The expert in psychological warfare?

Or the symphonist?

Times have changed, but it is still the creator who has the benefit of creating goods.

Super-warriors aren’t even creating bads.  They are creating nothing.

But, it might be argued, that they are doing the most good in this world which no longer appreciates the music of its heritage.

Yes, European classical music is on life-support.

But we return to Mozart, who is in not-much-better condition.

Part of me longs for the treatment of Ingmar Bergman in his underappreciated film version of Trollflöjten (The Magic Flute in Swedish).

But Miloš Forman does everything else right.

The scene in which Mozart and Salieri are working on the Requiem is masterful!

And still…Mozart doesn’t realize that his greatest enemy is posing as a friend to help him compose his own death from exhaustion.

It’s only when they’re throwing the lime on you that you get real perspective.

But by that point, you’re wrapped up.

It is thus a fitting Christmas story…that hatred and jealously are futile.

And that a naive genius had the keys to the musical kingdom.

For his 35 short years on Earth.

Perhaps Mozart was not a pious man, but Salieri (who burned his own crucifix in the fireplace) consistently recognized the voice of God in Mozart’s music.

I hope you are all having a wonderful holiday season and that your hearts will be filled with melodies which could make the heavens weep.

-PD

Je vous salue, Marie [1985)

Jean-Luc Godard has, in my opinion, made five perfect films.  Chronologically, this is the second of those five.

The first was 23 years earlier.  In 1962, Vivre sa vie let a 22-year-old Anna Karina shine as never before.  After a proverbial 40 days in the deserts of Varèse-like experimentation, Godard emerged to string together a series of films which paved the way for the style in which he continues to direct till this day.  Nevertheless, Je vous salue, Marie towers above the “middle quartets” which precede it.  Truly, this is one of the finest films ever to be made.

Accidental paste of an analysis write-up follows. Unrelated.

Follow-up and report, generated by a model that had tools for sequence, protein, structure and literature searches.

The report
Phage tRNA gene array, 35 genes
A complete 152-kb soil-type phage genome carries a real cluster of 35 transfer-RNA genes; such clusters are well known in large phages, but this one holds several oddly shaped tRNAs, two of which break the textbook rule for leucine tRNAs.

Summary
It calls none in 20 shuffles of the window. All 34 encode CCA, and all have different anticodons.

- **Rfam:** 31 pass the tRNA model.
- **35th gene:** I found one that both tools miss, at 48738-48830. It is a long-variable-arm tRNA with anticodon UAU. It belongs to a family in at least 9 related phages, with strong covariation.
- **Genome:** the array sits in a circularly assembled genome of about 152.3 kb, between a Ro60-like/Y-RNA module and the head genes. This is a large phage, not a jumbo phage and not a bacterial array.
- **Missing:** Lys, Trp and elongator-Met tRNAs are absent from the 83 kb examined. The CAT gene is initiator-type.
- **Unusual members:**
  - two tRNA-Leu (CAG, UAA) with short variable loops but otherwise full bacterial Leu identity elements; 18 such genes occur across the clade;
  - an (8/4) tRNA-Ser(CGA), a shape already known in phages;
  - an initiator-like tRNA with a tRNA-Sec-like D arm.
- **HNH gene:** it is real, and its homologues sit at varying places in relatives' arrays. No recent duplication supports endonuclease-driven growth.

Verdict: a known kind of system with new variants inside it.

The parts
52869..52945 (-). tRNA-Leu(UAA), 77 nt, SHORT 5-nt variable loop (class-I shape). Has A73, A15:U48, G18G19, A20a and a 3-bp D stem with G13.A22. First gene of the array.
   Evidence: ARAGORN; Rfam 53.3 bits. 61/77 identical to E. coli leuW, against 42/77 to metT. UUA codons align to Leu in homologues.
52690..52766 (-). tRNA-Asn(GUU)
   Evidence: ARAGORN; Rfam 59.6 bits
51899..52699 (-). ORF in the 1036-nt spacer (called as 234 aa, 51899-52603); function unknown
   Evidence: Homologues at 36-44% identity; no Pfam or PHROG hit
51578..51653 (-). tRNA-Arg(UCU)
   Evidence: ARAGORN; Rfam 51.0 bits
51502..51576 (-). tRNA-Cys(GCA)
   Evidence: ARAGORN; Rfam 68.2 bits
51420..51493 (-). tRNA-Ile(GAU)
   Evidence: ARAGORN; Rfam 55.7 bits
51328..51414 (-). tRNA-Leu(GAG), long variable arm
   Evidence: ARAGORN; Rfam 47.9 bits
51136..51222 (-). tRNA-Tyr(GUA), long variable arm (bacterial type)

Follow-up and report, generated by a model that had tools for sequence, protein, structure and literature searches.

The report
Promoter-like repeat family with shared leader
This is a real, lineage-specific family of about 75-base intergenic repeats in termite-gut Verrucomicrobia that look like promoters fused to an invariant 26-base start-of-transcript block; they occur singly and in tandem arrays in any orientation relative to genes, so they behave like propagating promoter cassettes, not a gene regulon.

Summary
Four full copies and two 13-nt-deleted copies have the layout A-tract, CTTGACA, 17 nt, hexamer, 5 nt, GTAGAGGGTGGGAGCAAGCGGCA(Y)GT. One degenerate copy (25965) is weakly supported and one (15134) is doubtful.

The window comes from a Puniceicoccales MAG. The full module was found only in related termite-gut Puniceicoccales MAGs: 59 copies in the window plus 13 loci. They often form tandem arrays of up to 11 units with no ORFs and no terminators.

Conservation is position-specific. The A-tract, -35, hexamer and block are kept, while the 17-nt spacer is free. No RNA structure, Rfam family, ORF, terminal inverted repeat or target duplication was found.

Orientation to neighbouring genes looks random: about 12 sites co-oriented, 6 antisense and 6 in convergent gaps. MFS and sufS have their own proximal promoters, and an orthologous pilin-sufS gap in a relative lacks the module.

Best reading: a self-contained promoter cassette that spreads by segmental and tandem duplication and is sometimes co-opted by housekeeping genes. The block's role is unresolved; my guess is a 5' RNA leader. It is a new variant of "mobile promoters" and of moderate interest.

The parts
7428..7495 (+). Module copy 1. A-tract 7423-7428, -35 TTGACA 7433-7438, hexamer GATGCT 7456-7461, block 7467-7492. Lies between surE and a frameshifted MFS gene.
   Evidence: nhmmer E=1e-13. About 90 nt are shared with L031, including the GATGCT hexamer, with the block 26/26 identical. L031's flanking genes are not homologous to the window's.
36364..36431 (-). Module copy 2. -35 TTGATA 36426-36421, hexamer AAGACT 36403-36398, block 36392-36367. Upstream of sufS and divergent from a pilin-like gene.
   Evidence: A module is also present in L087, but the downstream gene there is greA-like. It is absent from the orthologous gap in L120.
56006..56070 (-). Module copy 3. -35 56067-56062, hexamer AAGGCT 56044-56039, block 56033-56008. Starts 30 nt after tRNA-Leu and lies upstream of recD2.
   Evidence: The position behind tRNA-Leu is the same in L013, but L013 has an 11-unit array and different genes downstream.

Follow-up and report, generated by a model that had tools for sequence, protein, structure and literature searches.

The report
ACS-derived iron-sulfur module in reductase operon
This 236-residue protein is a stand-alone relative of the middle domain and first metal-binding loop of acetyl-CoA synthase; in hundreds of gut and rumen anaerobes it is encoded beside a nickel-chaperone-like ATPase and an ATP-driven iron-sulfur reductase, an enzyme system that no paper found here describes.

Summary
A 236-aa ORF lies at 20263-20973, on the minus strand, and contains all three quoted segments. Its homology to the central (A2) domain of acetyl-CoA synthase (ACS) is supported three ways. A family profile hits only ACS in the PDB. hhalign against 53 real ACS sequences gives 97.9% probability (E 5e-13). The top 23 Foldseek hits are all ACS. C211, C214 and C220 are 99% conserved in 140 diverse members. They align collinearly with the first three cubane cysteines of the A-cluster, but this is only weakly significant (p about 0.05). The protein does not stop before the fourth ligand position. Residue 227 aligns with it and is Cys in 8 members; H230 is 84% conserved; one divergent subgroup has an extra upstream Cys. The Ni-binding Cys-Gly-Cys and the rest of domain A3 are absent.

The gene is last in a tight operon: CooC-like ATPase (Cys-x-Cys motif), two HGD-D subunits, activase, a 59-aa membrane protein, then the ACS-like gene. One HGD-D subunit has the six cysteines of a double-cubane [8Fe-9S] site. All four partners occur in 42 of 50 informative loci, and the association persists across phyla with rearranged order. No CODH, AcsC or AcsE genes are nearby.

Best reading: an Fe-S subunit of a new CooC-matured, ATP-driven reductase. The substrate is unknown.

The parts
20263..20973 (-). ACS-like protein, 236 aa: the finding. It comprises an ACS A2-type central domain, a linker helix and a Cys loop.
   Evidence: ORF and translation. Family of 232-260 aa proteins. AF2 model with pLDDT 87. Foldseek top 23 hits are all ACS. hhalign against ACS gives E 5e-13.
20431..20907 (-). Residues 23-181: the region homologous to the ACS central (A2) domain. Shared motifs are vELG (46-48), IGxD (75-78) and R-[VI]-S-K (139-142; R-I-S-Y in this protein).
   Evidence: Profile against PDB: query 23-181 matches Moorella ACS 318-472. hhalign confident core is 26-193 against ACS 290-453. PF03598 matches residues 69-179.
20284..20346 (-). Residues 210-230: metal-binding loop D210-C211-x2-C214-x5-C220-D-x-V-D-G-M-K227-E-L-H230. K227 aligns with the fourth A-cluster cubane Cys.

It is also a particularly difficult film to review as its history is laden with controversy.  Godard, ever the rebel, chose to retell the story of the Virgin Mary in a modern setting.  No doubt the sincerity of Godard was misinterpreted by many Catholics as blasphemy.

The key to understanding this film is watching the whole thing.  If you are offended, try to make it to the end.  Perhaps the method of storytelling will then make more sense.

It must, however, be admitted that Godard’s take on the Annunciation and birth of Jesus is highly mystical.  It is like the music of Olivier Messiaen.  Dissonance is a gift from God.  To hear the works of Messiaen is to hear devotion expressed in a highly unique way.  My guess is that the great French Catholic composer might have appreciated Godard’s timeless creation under review.  Perhaps even the current Pope Francis might sympathize with the heartfelt offering of Godard.

In 1985, this film was positively scandalous.  What a shame…

Continuing with our musical history lesson, one must only consider the great Handel (composer of Messiah).  Handel was reputedly able to curse proficiently in German, Italian, and English.  Handel was not a saint, yet he composed a tremendous amount of sublime religious music (including the aforementioned oratorio).

It makes me wonder about the great artists like Michelangelo (whose Creation of Adam graces the ceiling of the Sistine Chapel).  Was Michelangelo a particularly pious man?  I have no clue.  But it wouldn’t surprise me to learn that he was colorful in ways other than with his palette.

But Godard committed the greatest sin.  He let life enter his art.  God forbid that life and praise for the divine coexist in a single creation!

But let us return.  This was Myriem Roussel’s film.  It is the finest performance by an actress not named Anamaria Marinca or Dorotheea Petre ever committed to film.  Saoirse Ronan is still waiting for the right vehicle.  Hanna was frighteningly close.  Going back further I would nominate Lauren Bacall, but her range was curtailed somewhat by typecasting.

And so Myriem Roussel.  Godard.  The sublime.  Every shot in this film is perfect.  Every element is precisely placed.  It is intelligent design embodied.

I cannot begin to scratch the surface of this gem.  My lead is no match for this diamond.  No matter how much I scribble, it will not be enough.

This film will endure long after everything is gone.  Je vous salue, Jean-Luc.

-PD